A year.

A year has passed since I started earning my own living.
Recently, memory of the days I spent over the former two jobs occurred to me quite a lot.
I started my first day in X Journal in November last year. As we were working on a new website and the boss was aggressive(or stupid) enough to think that it should compete Bloomberg, I showed up at 6am everyday by getting up at 5. After several hours’ machine-alike translating, the boss would shout over MSN to announce our freedom of a short breakfast break. Then I would flee to get a smoke in the stairway in that industrial building, antiquated as it would collapse at any time. A winterly beam of sunshine would cast in from the high window in the stairway, watching the smog burning out of my cigarette dispersed, and finally disappeared in it. Then I get back to the office for breakfast. My local colleague grumbled on the same thing over and over everyday, thanks to which I grew a filter system in my ears for the discharge of excessive bullshits. All I had in mind was one thing. I wondered how many of days like that still waited ahead.

Before long, I was back to S Paper and was a reporter again. To be fair, I didn’t enjoy so much being a reporter, neither did I possess the quality to make a good one. Except that a slight sense of satisfaction was indeed felt seeing my name inked in as a byline. I never raised questions on a press conference, for I never really had a question or necessary curiosity. I hardly exchange thoughts with my peers, not that I never tried, simply couldn’t fit in. Meanwhile, though, I rarely had problems getting the job done. If I got luck, I even got compliments for writing a good story sometimes, which felt so distant now. But nothing could alter the fact that life as a reporter is in its nature hectically disordered: I never cared to have a serious meal, while refreshments at conferences could just make a day. I was at my lightest. The job was in general acceptable in a friendly weather, but when the sky lost its temper, I lost my patience of faking everything was okay.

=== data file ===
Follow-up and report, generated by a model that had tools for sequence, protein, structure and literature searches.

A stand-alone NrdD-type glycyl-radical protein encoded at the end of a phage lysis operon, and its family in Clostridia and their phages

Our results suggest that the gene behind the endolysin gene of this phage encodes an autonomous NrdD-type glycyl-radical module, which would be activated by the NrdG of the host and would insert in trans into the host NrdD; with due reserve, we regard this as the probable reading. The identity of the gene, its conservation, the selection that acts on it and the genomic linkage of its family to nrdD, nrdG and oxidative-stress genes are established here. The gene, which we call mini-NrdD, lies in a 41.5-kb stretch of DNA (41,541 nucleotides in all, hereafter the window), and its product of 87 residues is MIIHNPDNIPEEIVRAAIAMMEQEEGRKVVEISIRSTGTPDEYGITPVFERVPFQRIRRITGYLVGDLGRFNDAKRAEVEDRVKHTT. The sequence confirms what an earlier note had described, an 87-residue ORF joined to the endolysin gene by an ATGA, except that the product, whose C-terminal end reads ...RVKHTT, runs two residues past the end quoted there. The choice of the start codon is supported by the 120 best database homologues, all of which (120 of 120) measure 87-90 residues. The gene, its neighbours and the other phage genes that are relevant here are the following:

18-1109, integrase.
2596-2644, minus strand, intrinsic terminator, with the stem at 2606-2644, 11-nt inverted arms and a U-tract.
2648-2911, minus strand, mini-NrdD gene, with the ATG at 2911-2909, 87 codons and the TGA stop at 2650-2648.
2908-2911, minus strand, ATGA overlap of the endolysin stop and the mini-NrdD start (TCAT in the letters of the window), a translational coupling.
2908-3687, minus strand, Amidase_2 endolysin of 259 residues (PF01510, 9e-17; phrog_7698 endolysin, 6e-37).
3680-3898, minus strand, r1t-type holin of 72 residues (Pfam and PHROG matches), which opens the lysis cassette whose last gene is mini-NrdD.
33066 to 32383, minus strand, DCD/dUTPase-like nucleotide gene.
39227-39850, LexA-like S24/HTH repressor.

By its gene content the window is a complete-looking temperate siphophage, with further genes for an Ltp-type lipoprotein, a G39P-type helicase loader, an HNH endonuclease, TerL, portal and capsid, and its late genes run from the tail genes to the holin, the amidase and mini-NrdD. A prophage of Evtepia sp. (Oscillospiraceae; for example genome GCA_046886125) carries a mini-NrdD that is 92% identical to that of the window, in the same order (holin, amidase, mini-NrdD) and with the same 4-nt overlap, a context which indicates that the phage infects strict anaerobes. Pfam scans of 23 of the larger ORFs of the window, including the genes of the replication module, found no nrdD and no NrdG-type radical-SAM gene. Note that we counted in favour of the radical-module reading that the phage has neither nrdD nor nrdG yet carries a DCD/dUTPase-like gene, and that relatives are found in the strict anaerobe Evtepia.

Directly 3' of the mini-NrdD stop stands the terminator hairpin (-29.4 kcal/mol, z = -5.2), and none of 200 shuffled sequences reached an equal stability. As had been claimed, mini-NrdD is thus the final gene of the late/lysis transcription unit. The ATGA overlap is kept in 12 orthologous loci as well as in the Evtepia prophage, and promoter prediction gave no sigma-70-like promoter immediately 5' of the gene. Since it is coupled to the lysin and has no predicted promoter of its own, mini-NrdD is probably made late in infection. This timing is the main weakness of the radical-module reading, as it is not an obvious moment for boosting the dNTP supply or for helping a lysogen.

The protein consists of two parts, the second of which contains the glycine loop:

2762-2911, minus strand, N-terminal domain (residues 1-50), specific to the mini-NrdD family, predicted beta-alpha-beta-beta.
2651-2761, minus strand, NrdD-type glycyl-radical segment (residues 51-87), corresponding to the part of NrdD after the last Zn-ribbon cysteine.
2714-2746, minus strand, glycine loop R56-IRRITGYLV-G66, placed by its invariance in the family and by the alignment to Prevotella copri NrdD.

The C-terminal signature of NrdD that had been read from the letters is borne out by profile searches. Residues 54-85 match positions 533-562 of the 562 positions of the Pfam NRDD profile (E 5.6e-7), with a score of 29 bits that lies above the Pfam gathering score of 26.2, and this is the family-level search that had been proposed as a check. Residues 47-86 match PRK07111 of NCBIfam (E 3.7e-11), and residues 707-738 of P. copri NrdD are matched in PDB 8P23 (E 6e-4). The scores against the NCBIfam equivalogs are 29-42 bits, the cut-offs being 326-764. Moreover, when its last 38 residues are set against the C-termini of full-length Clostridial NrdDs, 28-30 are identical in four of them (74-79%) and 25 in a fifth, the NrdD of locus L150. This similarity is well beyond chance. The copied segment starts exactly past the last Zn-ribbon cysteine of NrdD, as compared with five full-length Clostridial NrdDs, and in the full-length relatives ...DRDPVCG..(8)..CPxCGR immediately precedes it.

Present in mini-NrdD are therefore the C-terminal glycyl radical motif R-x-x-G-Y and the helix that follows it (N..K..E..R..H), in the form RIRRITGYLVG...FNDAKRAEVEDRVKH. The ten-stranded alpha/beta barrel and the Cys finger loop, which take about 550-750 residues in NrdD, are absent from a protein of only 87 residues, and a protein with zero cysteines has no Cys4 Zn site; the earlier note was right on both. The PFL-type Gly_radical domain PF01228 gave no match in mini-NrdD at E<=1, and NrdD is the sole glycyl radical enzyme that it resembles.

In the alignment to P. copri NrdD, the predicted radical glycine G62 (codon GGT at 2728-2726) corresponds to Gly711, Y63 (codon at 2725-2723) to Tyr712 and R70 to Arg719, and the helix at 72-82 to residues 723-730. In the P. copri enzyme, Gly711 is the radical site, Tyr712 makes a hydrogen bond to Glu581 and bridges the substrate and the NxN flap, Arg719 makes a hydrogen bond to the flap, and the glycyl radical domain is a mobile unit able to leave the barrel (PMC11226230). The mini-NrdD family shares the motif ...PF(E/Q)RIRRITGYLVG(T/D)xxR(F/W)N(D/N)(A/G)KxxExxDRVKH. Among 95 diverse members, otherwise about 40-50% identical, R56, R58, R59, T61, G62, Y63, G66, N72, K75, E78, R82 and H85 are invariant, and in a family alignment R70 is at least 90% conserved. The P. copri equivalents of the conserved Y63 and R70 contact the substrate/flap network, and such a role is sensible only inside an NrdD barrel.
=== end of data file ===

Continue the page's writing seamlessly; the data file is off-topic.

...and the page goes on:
Oddly, when I think of those days, while all the details are still vividly clear, the time itself feels outrageously remote. So remote that I’m not even convinced it was me who went through it, or, I just stole someone else’s life and lived that for a while.
That’s how I come to realize one thing: in the future, I will feel the same way about the present being. The current days is doomed as a future memory with the same kind of irrelevancy. One never lives one’s true life if one doesn’t mean it.
It’s been a year since I started earning my own living. If there was anything that varied, it’s that things have been invariable with me. I still cannot spend less carefully, nor am I able to behave a bit more sophisticatedly. But I feel blessed, for beneath everything, I still sense it, the primary suffering bundled with life itself, and the one and only truth that no one can do nothing about.
There are people lost their sentiments for good.


最近常常想起做前两份工作的日子。11月开始在X报上班,那时在做的网站还在筹备阶段,为了增加竞争性,上班时间不段被提前,每天5点起床,6点到公司,进入机器人状态猛翻译几个小时,直到老板在msn群聊框里大吼一声:we’re done guys! time for breakfast. 然后我会跑去那栋旧得感觉随时会塌掉的工业大厦的楼道里抽一根烟,冬天的阳光从楼梯间高高的窗户里照进来一束,烟的影子在那光中慢慢散开。然后回到办公室 call早餐吃,用左耳听local同事就一模一样的事情每天重复抱怨,再从右耳一字不落地过滤掉。那时候满脑子想的就是,这样的日子还要过多久。
没过多久,毫不费力地回到S报,回到了做记者的轨道中。对于做记者,谈不上喜爱,也深知自己不适合,仅仅是看到自己的名字变成印在油墨纸上的byline时 获得一些微小的满足感。在外面跑新闻的时候,我从不会举手提问,一是没有那么多问题,二是提不起足够的兴趣。也不大跟同行交流,不是没有努力过,只是总插不上话,有点格格不入的样子。不过写稿子交差倒是从来不成问题,不时听到编辑顺口表扬一句还能乐个半天,现在想起来却都已经恍如隔世。生活毫无规律可言, 甚至吃不上一顿完整像样的正餐,好在靠着各种招待会的refreshment也基本可以果腹。天气好还算过得去,要是不巧赶上降温、刮台风、下大暴雨的日子,就苦逼得不免自怜,感到自己像个烈士。


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